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Consider the 2-adic valuation on rationals and then extend it to a valuation on the real numbers. Lets call this extension $\phi$. Let $A$ be the set of all points $(x,y)$ in the plane such that $\phi(x) < 1$ and $\phi(y)<1$. Is it true that $A$ is Lebesgue non-measurable ?

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up vote 1 down vote accepted

edit, January 13

Write $|\cdot|$ for the extended $2$-adic absolute value. I am assuming you mean $A = \{ (x,y) : |x|<1, |y|<1\}$, but since you say ``valuation'' maybe that is not right. Anyway, your set $A$ is simply related to my set $A$, perhaps by taking complements or multiplying by a constant.

Note that $A$ is a group under addition, since $|-x| = |x|$ and $|x+y| \le \max\{|x|,|y|\}$.

Assume (for purposes of contradiction) that $A$ is measurable.

If $A$ has positive measure we get a contradiction: indeed, the set $A - A$ contains a neighborhood of zero (for the usual topology). But $A-A = A$ and $A+A=A$, so $A$ is the whole plane, which is false.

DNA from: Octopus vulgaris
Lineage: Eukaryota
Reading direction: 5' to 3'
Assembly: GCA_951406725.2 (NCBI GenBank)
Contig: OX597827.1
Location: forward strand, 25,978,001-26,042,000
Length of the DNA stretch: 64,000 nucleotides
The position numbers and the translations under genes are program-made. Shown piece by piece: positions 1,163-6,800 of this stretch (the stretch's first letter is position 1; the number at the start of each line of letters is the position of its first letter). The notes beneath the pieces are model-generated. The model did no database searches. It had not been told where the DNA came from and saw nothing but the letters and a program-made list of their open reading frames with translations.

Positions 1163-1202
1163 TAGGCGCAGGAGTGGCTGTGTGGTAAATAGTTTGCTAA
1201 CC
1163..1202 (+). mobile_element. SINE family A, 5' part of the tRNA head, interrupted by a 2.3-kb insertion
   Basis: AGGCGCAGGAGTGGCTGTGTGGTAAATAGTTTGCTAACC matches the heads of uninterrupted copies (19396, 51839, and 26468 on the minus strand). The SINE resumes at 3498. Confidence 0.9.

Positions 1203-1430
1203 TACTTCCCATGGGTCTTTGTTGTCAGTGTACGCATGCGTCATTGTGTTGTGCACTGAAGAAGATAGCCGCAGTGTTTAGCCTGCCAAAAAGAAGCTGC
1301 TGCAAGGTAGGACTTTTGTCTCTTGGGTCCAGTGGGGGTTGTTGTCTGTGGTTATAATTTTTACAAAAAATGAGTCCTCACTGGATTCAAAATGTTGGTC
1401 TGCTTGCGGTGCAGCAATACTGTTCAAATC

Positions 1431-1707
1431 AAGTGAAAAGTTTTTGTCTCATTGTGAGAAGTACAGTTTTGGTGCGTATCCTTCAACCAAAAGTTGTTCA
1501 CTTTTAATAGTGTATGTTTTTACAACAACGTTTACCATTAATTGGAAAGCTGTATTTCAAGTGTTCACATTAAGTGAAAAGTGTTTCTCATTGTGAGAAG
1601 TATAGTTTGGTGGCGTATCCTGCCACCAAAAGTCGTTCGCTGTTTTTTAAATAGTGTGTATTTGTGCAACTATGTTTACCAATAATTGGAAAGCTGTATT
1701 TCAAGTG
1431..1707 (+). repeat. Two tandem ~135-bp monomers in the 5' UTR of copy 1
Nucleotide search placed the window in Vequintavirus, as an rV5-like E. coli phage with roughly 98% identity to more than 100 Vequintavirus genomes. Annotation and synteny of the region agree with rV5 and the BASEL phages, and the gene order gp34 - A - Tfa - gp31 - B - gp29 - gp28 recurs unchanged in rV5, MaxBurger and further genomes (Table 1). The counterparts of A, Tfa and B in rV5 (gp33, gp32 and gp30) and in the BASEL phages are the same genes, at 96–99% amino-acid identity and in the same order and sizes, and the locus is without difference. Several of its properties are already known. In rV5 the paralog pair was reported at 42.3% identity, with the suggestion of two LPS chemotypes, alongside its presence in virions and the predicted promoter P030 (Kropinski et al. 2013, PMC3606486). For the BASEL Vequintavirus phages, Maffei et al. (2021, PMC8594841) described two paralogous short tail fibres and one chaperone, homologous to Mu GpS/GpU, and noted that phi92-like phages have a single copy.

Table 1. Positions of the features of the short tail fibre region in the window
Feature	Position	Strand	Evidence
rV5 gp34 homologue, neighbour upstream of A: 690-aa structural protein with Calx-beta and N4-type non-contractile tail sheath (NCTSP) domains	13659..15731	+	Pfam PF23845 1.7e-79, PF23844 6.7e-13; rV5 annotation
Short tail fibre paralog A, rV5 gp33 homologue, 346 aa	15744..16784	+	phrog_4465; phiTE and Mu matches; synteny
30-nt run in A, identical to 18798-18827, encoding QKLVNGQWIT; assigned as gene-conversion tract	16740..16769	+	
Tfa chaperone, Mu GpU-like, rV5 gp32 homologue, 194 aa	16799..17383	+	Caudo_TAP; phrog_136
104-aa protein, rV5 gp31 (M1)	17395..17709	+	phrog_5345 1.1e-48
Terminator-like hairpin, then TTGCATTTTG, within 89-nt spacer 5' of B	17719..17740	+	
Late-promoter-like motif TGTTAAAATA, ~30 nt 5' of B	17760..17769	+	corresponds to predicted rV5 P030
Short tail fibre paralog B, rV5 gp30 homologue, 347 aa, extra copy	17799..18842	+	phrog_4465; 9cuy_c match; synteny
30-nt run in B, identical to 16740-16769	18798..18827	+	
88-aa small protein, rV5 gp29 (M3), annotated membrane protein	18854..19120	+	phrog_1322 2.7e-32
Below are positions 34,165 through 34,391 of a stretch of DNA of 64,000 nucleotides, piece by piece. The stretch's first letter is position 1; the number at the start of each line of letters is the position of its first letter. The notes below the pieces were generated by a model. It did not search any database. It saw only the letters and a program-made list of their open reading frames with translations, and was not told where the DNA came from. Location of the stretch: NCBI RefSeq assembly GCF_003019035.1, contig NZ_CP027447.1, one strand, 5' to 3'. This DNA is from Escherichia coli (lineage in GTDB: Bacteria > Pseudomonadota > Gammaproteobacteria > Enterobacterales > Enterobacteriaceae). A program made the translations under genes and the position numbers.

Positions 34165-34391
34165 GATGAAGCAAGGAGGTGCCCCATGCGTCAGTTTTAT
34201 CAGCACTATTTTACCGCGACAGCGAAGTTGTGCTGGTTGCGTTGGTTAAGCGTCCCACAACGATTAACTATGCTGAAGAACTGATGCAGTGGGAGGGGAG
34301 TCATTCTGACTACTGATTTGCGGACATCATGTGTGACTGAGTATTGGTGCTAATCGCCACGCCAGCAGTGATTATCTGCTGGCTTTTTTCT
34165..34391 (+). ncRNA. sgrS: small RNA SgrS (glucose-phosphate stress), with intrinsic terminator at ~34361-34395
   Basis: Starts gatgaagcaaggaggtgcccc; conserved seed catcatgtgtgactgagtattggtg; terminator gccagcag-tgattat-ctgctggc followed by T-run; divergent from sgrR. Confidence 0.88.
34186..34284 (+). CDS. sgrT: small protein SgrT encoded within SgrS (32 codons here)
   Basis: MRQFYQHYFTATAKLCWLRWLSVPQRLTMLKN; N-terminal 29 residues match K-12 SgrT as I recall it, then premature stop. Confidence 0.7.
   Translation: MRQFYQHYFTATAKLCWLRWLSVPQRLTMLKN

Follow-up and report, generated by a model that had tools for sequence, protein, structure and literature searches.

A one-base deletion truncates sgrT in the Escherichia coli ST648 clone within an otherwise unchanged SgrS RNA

Now consider sets $A_n = 2^{-n}A = \{(2^{-n}x,2^{-n}y): (x,y) \in A\}$. These sets are also groups under addition. The map $(x,y) \mapsto 2^{-n}(x,y)$ is an affine bijection, so all sets $A_n$ are Lebesgue measurable. But also note that multiplication is continuous with respect to $|\cdot|$, and $|2^n| \to 0$, and $A$ is a neighborhood of zero for the $|\cdot|$ topology. So for any $(x,y) \in \mathbb R^2$ there is $n$ so that $2^n(x,y) \in A$, and that means $(x,y) \in A_n$. Thus $$ \bigcup_{n=1}^\infty A_n = \mathbb R^2 . $$ A union of measurable sets. So some $A_n$ has positive measure. Get a contradiction as before.

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@Gerald: Why the plane in a countable union of transformations of $A$ ? – user30300 Dec 30 '12 at 19:10
You are right, there is a weakness in my argument. Let me adjust it. – Gerald Edgar Jan 13 '13 at 19:59

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